The second bottleneck in the prologue is telegraphed the moment you leave the murder scene. The first character you encounter says they do not trust you. To gain their trust, you must fill out three more entries on the deduction board. There is no particular reason for this, and the game doesn’t spell out what you’re trying to achieve so you must keep on going back to this character to see if you’ve gained his trust yet. When you do, you’re given a vital piece of information which opens up a more linear progression of puzzles to the end.
The space between these two bottlenecks is the best Detective Di has to offer. What’s good about it? First, you are given a couple of clear “locks”. A log with an object stuck inside it and a rag with some unidentified chemical on it. You immediately have some idea of the challenges before you.
You also have lots of characters to talk to. Most of the conversations are dead ends at this stage, but they nicely set the scene as you learn what each of them was doing at the time of the murder. Some conversations reveal important leads to further your investigation.
Best of all, you are able to trace three almost entirely independent threads in the investigation. Parallel sets of puzzles to solve simultaneously in order to get the three checkmarks in your deduction board. A classic adventure game structure.
The Prologue serves its job nearly perfectly to introduce the game, to provide a good set of non-linear puzzles to entertain, and to set the scene for the chapters to come. What went wrong?
After a short dream sequence with an entertaining logic puzzle, Chapter 1 quickly forces you down a single path: you can’t leave your room until you’ve written in your journal (to fill you in on recent events), and you can’t go anywhere else until you’ve spoken with the Empress (to learn of your first real case).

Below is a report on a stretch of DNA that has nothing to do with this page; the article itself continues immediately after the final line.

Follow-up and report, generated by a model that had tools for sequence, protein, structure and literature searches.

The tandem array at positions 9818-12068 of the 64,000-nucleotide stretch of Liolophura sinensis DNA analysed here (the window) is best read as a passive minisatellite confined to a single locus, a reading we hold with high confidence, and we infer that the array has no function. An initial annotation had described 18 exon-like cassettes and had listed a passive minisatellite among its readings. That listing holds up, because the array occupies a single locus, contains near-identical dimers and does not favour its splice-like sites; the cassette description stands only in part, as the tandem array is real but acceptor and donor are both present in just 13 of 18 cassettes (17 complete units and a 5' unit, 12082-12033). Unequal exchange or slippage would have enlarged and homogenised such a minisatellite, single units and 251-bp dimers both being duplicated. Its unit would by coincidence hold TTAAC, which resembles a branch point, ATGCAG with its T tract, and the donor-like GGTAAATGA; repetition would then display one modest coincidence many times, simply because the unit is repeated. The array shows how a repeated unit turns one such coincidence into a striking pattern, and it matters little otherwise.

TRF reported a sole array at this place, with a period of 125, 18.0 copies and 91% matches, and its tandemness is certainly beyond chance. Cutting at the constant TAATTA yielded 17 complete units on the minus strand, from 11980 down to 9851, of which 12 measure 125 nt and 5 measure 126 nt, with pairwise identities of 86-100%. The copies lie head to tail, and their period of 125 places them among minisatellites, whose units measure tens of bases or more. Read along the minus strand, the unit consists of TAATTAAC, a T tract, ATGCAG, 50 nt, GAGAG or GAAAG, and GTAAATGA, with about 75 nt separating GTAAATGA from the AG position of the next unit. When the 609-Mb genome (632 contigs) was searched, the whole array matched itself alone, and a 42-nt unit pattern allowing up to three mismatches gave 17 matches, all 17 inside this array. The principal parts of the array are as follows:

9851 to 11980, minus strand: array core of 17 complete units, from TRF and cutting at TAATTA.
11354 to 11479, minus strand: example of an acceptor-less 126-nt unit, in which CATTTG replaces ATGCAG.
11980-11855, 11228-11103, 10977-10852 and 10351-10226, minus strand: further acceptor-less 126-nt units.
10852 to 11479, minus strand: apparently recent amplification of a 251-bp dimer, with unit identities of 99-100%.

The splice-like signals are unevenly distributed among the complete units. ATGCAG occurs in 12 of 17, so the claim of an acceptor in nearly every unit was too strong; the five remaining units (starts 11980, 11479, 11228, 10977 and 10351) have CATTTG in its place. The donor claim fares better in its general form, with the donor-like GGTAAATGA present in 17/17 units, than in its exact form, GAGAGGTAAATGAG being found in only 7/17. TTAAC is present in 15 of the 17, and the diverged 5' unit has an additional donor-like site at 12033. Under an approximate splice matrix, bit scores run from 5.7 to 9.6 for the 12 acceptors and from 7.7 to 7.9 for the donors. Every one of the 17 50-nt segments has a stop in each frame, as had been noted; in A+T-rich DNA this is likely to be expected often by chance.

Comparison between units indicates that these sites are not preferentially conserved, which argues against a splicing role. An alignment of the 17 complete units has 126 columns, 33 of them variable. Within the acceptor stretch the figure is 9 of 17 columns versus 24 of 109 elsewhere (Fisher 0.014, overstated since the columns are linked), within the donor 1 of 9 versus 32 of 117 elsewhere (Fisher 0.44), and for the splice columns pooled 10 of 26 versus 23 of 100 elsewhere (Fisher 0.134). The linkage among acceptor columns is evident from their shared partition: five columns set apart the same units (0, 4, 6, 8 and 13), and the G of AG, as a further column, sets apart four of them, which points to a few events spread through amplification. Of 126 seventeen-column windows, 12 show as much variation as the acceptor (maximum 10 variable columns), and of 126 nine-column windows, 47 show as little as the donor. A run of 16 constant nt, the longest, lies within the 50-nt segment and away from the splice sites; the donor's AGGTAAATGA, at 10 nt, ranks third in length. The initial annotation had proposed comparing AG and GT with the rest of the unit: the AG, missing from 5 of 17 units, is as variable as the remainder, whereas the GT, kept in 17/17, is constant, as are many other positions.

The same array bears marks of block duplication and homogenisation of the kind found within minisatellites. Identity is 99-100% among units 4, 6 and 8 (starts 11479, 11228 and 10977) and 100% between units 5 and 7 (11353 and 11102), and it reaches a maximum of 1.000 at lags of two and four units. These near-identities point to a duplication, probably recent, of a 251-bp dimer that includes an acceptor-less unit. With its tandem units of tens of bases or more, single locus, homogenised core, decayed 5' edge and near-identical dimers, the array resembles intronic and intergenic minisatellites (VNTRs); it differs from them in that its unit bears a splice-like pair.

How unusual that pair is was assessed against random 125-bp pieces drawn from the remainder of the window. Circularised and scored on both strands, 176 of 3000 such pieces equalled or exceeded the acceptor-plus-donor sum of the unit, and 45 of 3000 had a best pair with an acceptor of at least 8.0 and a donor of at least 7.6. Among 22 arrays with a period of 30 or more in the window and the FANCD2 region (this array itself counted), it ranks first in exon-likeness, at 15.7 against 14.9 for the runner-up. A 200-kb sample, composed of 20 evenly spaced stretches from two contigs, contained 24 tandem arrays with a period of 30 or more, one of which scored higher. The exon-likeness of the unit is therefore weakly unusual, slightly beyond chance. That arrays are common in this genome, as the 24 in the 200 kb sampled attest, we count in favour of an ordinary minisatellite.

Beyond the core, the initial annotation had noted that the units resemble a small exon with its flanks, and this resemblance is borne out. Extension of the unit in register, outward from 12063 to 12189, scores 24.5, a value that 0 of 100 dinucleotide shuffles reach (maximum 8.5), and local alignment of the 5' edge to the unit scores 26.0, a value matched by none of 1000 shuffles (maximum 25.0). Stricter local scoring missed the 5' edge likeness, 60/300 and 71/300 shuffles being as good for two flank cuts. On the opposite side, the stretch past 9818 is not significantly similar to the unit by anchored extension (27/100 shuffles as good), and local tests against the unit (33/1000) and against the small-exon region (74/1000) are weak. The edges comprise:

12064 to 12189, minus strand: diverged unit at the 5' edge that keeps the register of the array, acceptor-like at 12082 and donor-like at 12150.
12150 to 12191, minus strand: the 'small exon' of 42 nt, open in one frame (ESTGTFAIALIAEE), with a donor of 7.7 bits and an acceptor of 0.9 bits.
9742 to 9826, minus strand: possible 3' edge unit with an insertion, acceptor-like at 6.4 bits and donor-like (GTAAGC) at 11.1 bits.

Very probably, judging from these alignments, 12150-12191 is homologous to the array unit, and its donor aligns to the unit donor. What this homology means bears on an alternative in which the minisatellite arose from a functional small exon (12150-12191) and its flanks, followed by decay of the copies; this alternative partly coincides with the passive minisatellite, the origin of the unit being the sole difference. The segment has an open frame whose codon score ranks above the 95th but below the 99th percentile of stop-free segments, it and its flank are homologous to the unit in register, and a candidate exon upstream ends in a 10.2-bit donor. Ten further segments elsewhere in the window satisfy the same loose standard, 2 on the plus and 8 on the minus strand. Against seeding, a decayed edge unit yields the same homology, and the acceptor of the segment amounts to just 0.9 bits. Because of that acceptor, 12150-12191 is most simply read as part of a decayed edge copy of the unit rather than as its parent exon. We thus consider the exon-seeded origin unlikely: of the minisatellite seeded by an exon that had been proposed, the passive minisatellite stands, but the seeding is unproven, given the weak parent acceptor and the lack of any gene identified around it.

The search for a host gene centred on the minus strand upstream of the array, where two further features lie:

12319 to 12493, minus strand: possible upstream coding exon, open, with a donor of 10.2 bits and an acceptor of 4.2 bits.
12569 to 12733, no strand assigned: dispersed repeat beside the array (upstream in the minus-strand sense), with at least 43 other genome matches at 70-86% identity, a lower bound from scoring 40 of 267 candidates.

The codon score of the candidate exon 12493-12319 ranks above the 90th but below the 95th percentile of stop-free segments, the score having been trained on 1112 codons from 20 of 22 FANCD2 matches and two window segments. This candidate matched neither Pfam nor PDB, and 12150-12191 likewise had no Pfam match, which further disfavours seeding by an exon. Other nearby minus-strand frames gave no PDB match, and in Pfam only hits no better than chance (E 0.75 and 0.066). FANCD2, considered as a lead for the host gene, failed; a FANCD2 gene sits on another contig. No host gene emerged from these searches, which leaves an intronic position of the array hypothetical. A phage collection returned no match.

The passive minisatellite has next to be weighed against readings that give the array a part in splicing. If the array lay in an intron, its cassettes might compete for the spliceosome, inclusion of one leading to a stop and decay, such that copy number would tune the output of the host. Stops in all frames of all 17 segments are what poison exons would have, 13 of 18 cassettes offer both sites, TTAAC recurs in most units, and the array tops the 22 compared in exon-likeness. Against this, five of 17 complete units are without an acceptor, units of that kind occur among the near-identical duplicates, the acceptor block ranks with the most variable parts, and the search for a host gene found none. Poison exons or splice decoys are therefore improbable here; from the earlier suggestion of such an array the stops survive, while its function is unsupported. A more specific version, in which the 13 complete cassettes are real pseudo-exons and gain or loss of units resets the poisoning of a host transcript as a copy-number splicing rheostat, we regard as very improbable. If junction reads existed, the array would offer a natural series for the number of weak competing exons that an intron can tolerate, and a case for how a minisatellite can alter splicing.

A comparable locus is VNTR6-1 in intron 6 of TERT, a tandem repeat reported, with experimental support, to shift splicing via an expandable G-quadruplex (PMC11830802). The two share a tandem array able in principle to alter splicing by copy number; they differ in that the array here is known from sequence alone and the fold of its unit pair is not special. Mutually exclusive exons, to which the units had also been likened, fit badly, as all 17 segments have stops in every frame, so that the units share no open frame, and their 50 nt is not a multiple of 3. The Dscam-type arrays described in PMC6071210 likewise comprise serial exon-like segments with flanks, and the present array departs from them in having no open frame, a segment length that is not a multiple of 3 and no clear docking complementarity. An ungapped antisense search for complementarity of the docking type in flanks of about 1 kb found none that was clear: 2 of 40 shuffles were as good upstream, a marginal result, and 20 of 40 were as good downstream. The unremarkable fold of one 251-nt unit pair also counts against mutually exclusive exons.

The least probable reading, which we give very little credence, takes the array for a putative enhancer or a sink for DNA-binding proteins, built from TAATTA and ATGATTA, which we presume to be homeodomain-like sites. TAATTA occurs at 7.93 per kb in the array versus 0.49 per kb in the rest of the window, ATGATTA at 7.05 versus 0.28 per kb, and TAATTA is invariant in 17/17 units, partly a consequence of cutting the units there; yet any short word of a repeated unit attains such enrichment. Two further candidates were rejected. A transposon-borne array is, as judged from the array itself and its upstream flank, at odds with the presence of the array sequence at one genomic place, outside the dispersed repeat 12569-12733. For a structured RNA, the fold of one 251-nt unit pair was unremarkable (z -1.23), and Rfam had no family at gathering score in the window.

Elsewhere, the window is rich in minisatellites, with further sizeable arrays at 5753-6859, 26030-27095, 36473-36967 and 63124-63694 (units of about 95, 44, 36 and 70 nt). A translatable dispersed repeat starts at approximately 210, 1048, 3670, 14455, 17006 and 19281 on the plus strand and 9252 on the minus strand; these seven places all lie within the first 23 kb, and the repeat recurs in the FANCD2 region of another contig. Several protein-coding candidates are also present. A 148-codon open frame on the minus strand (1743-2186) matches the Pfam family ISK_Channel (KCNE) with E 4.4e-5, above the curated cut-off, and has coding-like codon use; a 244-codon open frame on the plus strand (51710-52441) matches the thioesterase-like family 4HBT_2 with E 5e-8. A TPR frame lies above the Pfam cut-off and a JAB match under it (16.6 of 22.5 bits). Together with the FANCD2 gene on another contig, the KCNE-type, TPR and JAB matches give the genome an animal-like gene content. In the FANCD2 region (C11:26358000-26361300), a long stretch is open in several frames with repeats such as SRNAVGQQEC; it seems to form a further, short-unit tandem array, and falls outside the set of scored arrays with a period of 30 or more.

Then, you’re not allowed to go to the murder scene until you’ve spoken with the suspect and the coroner. At the murder scene itself, things improve with a classic three-way split in the investigation, but each path is very short and they all collapse down to a bottleneck very quickly.
This is the first of several painful bottlenecks in this chapter. Once you’ve filled three spots in your deduction board, a witness appears out of nowhere for you to interrogate. With that done, you have to talk to two of your colleagues, neither of whom are of any help, but completing the conversations initiates the arrival of a bird that points you towards a hidden wall.
This final bottleneck involves obtaining a chisel to combine with a hammer you picked up at the beginning of the chapter. The chisel has also been lying in plain view for some time, but the coroner wouldn’t let you take it. Once you have a use for it he suddenly changes his mind and you’re fully armed to knock down the wall.
This is disappointing because, with work, it could have been so much better. The hammer is just lying there to be picked up. There could have been a problem reaching it. Or it could have been broken. The game has plenty of locations and characters so that an independent thread of puzzles to get the hammer could have been added. The same goes for the chisel. There’s no puzzle here, it’s just that you can only pick it up after you need it.
The worst offenders are the deus ex machina arrivals of the witness and the bird that point you to the next clue only after you’ve solved the previous one. How much more satisfying might it have been for these to be separate threads running in parallel? Worse, there’s no reason why they aren’t.
In the game, you knock down the wall to access a hidden stash of blackmail items. You need one of these to get the witness on your side. In the linear progression of the game, the stash can’t be found until after you’ve spoken to the witness. A better design would have allowed you to find the stash, revealing the corruption of your predecessor, in parallel with speaking to the witness. The witness reveals that he wants a specific medal from the stash so there’s no need for these puzzles to be presented in a linear order. There could even be a logic puzzle to find the medal among the rest of the items once you know what you’re looking for.
It’s missed opportunities like this which plague the remaining chapters and prevent Detective Di from being a really good adventure. As it is, it’s finely produced with decent story and characters, but ultimately unexceptional.